This Large Raspberry Pi-Powered E Ink Calendar Ensures You'll Never Forget an Important Date Again

Designed to run without wires for 3-4 weeks, this smart calendar is a great low-power Internet of Things build.

Pseudonymous maker "speedyg0nz" has finished a smart, though pricey, build for keeping them up-to-date with their appointments: a large-format E Ink Magic Calendar, powered by a Raspberry Pi Zero W.

"Back in 2019, I started a thread in Reddit to bounce an idea I had with the community: To replicate the Android Magic Calendar concept that inspired many DIY projects in the subsequent years," speedyg0nz explains. "But specifically, I wanted it to run on battery so I could position it anywhere in house, and even hang it on the wall without a wire dangling beneath it. I also wanted the parts to be plug and play since I had neither the desire nor the steady hands needed to solder anything."

The resulting build is based on a large-format Waveshare 12.48" tri-color E Ink display, which is sunlight readable and requires power only when changing states — ideal for an infrequently-updated calendar display —connected to a Raspberry Pi Zero W with a PiSugar2 uninterruptible power supply with real-time clock, all without a single bit of hand soldering.

"Through PiSugar2's web interface, the onboard RTC can be set to wake and trigger the RPi to boot up daily at a time of your preference," speedyg0nz explains. "Upon boot, a cronjob on the RPi is triggered to run a Python script that fetches calendar events from Google Calendar for the next few weeks, and formats them into the desired layout before displaying it on the E Ink display. The RPi then shuts down to conserve battery."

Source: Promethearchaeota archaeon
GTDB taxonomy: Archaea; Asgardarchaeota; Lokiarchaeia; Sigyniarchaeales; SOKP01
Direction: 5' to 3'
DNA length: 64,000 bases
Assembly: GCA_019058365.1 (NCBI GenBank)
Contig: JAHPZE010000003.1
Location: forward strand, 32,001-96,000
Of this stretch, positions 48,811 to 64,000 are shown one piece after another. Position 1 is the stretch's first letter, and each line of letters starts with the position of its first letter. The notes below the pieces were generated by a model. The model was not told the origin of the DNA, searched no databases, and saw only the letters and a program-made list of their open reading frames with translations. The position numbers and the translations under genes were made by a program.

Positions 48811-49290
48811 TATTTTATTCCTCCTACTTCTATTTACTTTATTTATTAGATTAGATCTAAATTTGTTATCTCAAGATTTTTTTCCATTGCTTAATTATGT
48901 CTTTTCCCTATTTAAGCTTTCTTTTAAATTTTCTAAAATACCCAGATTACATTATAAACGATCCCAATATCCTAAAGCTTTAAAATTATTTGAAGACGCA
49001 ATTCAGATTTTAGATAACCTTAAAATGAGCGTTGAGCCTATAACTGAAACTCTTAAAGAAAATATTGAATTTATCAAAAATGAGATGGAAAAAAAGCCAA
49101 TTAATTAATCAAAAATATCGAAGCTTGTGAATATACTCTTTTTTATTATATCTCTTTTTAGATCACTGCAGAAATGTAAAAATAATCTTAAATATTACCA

Designed for wireless use, the calendar gets around 3-4 weeks of use per charge, while the tri-color display offers the ability to highlight events in red as well as the black and white of a usual E Ink panel. However, there's something which may stop people following in speedyg0nz footsteps despite the release of full source code for the project: Price.

"Honestly, the cost of this project is way too high for a single purpose device," speedyg0nz admits. "Personally, I've been looking at E Ink tablets that emulate the experience of writing on paper, and allow the users to take notes on the go. Those familiar with this range of products would be aware of the reMarkable tablet, Ratta Supernote, Kobo Elipsa and many others."

"My next project is likely to enhance one of these devices such that the calendar will be displayed when it's not in use. While this is usually possible by manually setting the sleep screen image/screensaver, I'm looking to have the screensaver updated automatically on a daily basis, like how it was done in this project."

The source code for the project is available on GitHub, along with a write-up detailing its origins and use, under the permissive Apache 2.0 license.

Gareth Halfacree
Freelance journalist, technical author, hacker, tinkerer, erstwhile sysadmin. For hire:
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